Thursday, June 28, 2012

Lessons from the Star-Spangled banner

On Sept 13, 1814 there was a man named Francis Scott Key, a lawyer aboard a British ship, he was there to defend an man who had been arrested in Maryland, however the bombardment of Fort McHenry was about to start. Key along with the other men saw the American flag flying at the fort. Through the night they heard bombs bursting and saw the red glare of rockets. They knew the fort was resisting and the American flag was still flying..But toward morning the bombardment stopped and there was silence either, the Fort had surrendered and the British flag flew or the bombardment had failed and the American flag was still flying. As dawn began to brighten the eastern sky, Key stared out at the fort, trying to see which flag flew. The men kept asking each other, "Can you see the flag"? After it was all finished, Key wrote the four stanza poem telling the events of the night. Called "The Defence of Fort McHenry," It was published in newspapers and someone noticed the words fit an old  English tune called "To Anacreon in Heaven" a difficult melody with an uncomfortable vocal range. For obvious reasons, Keys work became known as "The Star-Spangled Banner," and in 1931 Congress declared it the official anthem of the United States. Here is the words to all four stanzas which not to many people have ever really heard.

Oh! say, can you see, by the dawn's early light,
What so proudly we hailed at the twilight's last gleaming?
Whose broad stripes and bright stars, through the perilous fight,
O'er the ramparts we watched were so gallantly streaming?
And the rockets' red glare, the bombs bursting in air,
Gave proof thro' the night that our flag was still there.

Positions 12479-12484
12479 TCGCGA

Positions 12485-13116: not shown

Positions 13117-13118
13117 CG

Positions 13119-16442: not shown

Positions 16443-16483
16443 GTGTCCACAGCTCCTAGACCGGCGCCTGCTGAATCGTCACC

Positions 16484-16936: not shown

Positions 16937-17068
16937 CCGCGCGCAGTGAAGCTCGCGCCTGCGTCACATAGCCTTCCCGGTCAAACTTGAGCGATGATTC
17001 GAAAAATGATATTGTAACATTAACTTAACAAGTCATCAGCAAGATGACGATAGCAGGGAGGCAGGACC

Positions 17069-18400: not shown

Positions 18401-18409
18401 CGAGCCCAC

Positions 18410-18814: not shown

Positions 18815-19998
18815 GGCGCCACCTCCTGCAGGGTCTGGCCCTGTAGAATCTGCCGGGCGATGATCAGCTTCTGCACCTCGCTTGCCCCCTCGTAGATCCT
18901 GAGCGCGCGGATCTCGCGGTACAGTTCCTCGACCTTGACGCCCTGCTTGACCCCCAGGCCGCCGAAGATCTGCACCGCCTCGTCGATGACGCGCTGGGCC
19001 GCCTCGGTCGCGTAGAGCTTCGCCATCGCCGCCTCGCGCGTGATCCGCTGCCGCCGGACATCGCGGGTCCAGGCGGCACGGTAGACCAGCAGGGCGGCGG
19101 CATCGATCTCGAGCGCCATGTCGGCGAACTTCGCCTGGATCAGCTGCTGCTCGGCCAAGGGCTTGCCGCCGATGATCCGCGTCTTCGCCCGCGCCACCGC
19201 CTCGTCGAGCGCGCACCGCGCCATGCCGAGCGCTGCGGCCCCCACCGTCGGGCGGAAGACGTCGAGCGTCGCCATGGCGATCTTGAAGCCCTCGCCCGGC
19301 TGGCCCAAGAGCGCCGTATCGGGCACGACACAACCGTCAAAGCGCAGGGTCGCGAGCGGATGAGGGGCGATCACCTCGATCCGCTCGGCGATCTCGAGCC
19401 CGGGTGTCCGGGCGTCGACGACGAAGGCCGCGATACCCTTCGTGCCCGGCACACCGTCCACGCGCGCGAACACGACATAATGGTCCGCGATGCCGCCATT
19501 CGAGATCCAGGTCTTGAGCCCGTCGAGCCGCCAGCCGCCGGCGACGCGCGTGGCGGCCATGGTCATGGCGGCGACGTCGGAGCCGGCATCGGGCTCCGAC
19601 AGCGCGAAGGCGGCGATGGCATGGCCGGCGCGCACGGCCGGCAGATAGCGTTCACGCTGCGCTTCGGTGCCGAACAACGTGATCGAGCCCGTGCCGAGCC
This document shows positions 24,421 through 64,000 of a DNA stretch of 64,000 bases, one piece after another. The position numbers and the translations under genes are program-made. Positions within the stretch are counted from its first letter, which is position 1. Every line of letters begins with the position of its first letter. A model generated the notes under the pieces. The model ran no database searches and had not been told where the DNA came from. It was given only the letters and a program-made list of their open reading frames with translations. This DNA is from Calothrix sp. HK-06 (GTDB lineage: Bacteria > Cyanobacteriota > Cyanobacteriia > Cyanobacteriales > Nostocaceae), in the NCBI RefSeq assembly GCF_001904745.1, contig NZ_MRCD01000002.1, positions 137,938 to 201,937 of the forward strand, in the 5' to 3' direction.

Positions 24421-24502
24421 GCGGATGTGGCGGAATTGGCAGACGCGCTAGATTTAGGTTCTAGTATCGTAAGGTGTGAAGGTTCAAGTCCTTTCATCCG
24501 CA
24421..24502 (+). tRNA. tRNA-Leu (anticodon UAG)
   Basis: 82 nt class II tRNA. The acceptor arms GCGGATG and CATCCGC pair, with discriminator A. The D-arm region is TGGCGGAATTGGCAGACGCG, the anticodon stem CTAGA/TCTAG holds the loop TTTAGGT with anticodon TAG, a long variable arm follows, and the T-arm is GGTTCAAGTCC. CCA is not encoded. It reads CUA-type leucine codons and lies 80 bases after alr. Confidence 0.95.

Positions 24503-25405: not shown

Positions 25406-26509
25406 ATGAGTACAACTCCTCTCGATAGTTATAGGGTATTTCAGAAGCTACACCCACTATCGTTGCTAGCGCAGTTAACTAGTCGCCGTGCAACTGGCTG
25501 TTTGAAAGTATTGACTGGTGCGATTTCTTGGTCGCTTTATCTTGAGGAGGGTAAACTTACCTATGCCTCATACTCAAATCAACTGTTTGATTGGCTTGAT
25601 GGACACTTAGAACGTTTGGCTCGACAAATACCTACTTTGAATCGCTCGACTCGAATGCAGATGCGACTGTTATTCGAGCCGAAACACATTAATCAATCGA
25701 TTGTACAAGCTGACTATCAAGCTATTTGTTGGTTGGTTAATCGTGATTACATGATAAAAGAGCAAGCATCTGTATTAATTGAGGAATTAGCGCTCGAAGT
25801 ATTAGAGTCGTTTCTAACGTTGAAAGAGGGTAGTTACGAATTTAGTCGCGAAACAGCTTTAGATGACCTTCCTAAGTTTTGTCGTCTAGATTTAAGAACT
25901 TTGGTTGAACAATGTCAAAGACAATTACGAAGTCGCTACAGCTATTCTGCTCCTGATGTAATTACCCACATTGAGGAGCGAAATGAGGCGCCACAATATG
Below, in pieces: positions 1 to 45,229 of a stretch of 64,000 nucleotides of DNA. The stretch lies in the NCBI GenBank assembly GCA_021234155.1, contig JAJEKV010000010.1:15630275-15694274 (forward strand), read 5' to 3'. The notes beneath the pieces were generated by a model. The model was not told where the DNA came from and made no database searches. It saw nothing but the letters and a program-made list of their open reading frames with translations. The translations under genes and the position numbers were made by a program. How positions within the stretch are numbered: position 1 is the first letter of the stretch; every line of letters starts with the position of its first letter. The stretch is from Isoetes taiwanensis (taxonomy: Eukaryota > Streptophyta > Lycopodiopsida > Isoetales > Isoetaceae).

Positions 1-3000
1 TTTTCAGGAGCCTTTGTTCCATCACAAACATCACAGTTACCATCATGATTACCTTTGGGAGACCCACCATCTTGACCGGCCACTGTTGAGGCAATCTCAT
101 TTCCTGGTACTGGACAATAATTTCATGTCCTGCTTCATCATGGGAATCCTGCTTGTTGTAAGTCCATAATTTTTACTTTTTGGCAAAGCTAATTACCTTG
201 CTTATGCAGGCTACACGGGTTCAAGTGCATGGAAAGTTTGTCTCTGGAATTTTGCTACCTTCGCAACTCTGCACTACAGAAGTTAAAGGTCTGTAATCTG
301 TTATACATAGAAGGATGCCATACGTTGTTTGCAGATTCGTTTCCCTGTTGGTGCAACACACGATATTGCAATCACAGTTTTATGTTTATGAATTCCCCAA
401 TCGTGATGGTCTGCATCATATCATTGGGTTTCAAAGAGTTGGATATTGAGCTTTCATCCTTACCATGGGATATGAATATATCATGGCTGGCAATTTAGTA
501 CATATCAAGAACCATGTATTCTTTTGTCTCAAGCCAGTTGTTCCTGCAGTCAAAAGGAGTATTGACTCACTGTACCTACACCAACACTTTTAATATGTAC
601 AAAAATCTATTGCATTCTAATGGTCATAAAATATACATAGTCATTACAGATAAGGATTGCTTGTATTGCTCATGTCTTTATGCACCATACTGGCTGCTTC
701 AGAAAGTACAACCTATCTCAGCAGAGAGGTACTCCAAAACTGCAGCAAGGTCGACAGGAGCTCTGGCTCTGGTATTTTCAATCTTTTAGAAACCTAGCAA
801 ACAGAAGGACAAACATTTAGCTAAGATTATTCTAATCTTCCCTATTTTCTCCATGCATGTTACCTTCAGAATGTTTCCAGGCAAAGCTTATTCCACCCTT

Oh! say, does that star- spangled banner yet wave
O'er the land of the free and the home of the brave?

Ramparts in case you don't know are the protective walls or other elevations that surround a fort. the first stanza asks a question. The second gives an answer:

On the shore, dimly seen thro' the mist of the deep,
where the foe's haughty host in dread silence reposes,
What is that which the breeze, o'er the towering steep,
As it fitfully blows, half conceals, half discloses?
Now it catches the gleam of the morning's first beam,
In full glory reflected, now shines on the stream:
'Tis the star-spangled banner. Oh! long may it wave
O'er the land of the free and the home of the brave!!

"The towering steep" is, again the ramparts. The bombardment has failed, and the British can do nothing but sail away, their mission a failure. In the third stanza Key allows himself to gloat over the American triumph. A little added tidbit, during World War II, when the British were our staunchest allies, this third stanza was not sung. However here it is:

And where is that band who so vauntingly swore
That the havoc of war and the battle's confusion
A home and a country should leave us no more?
Their blood has washed out their foul footstep's pollution.
No refuge could save the hireling and slave
From the terror of flight, or the gloom of the grave,
And the star-spangled banner in triumph doth wave
O'er the land of the free and the home of the brave.

The fourth stanza, a pious hope for the future, should be sung more slowly, and with deeper feeling:

Oh! thus be it ever, when freemen shall stand
Between their loved homes and the war's desolation,
Blest with vict'ry and peace,may the Heav'n-rescued land
Praise the Pow'r that hath made and preserved us a nation.
Then conquer we must, for our cause it is just,
And this be our motto----"In God is our trust."
And the star-spangled banner in triumph doth wave
O'er the land of the free and the home of the brave.

In view of the Fourth of July just around the corner I thought you might enjoy this bit of information and would hope that you will look at the National Anthem with new eyes, and listen to it with new ears.

Excerpts taken from and article written in readers digest years ago.

1 comment:

Mari said...

I love hearing the story of different songs. This was very touching!